Wall Street dips on fears over rising COVID-19 cases, tech weighs

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FILE PHOTO: Traders wear masks as they work on the floor of the New York Stock Exchange as the outbreak of the coronavirus disease (COVID-19) continues in the Manhattan borough of New York, U.S., May 27, 2020. REUTERS/Lucas Jackson

July 16, 2020

By Noel Randewich

(Reuters) – The S&P 500 ended down on Thursday, pulled lower by Microsoft Corp <MSFT.O> and Apple Inc <AAPL.O>, as elevated levels of unemployment claims heightened concerns about the economic toll from rising coronavirus cases.

U.S. retail sales increased more than expected in June, but a resurgence in new COVID-19 cases is undercutting the budding recovery, keeping 32 million Americans on unemployment benefits.

A jump in cases of the virus has forced California and other states to shut down again, sparking fears of more business damage and slowing the pace of a Wall Street rally. The S&P 500 is about 5% below its February record high.

“The economic data shows there is still a challenge going forward,” said Willie Delwiche, an investment strategist at Baird in Milwaukee. “Congress better get its act together and pass another fiscal stimulus.”

The S&P real estate <.SPLRCR> and technology <.SPLRCT> indexes fell more than others.

Apple and Microsoft dipped, each weighing more than any other company on the S&P 500.

“This is an early indication of good signs that money is now flowing away from completely overbought Nasdaq into those names that will bode well when the economy starts finding more of a solid footing,” said Andrew Smith, chief investment strategist at Dallas, Texas-based Delos Capital Advisors.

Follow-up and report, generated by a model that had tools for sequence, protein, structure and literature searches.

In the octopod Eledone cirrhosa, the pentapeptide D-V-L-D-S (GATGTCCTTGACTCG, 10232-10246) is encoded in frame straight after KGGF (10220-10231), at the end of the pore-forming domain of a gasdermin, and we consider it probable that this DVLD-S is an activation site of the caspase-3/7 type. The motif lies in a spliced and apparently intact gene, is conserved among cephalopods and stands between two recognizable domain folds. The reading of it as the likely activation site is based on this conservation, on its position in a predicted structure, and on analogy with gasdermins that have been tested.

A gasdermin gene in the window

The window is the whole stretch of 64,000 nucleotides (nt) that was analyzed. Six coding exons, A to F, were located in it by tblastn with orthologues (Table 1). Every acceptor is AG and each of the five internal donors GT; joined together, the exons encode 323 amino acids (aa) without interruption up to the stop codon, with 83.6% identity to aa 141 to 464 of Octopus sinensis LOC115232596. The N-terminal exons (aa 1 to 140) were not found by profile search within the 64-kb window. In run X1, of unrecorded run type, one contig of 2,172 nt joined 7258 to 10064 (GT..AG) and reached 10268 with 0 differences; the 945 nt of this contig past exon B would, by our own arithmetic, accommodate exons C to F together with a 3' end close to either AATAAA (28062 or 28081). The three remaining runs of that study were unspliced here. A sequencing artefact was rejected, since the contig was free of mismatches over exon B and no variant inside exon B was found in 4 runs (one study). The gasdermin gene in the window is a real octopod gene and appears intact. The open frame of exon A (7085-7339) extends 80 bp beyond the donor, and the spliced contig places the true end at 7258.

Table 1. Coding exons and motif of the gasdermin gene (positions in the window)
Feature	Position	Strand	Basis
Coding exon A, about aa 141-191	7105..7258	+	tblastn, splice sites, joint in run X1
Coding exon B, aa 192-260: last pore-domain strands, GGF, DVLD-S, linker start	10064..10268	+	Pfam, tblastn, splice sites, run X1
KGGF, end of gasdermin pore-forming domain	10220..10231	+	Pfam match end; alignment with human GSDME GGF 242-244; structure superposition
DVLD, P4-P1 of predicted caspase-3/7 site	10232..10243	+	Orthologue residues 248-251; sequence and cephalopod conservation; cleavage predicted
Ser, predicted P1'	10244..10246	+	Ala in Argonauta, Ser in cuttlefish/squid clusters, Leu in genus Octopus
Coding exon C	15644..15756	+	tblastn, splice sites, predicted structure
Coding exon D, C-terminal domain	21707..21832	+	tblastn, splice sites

Twitter Inc <TWTR.N> fell after hackers accessed its internal systems to hijack some of the platform’s top voices, including U.S. presidential candidate Joe Biden, reality TV star Kim Kardashian West, former U.S. President Barack Obama and billionaire Elon Musk and used them to solicit digital currency.

Shares of Netflix <NFLX.O> rose ahead of the streaming video company’s quarterly report after the bell, which will show investors how it has fared during the coronavirus lockdown.

Unofficially, the Dow Jones Industrial Average <.DJI> fell 0.5% to end at 26,734.64 points, while the S&P 500 <.SPX> lost 0.34% to 3,215.59. The Nasdaq Composite <.IXIC> dropped 0.73%, to 10,473.83.

Rounding up earnings reports of big banks, Bank of America Corp <BAC.N> fell after its second-quarter profit more than halved, while Morgan Stanley <MS.N> rose after posting a record quarterly profit.

American Airlines <AAL.O> tumbled after it sent 25,000 notices of potential furloughs to frontline workers and warned that demand for air travel is slowing again.

Tesla Inc <TSLA.O> declined after its vehicle registrations nearly halved in the U.S. state of California during the second quarter, according to data from a marketing research firm.

(Additional reporting by Medha Singh and Devik Jain in Bengaluru; Editing by Marguerita Choy)

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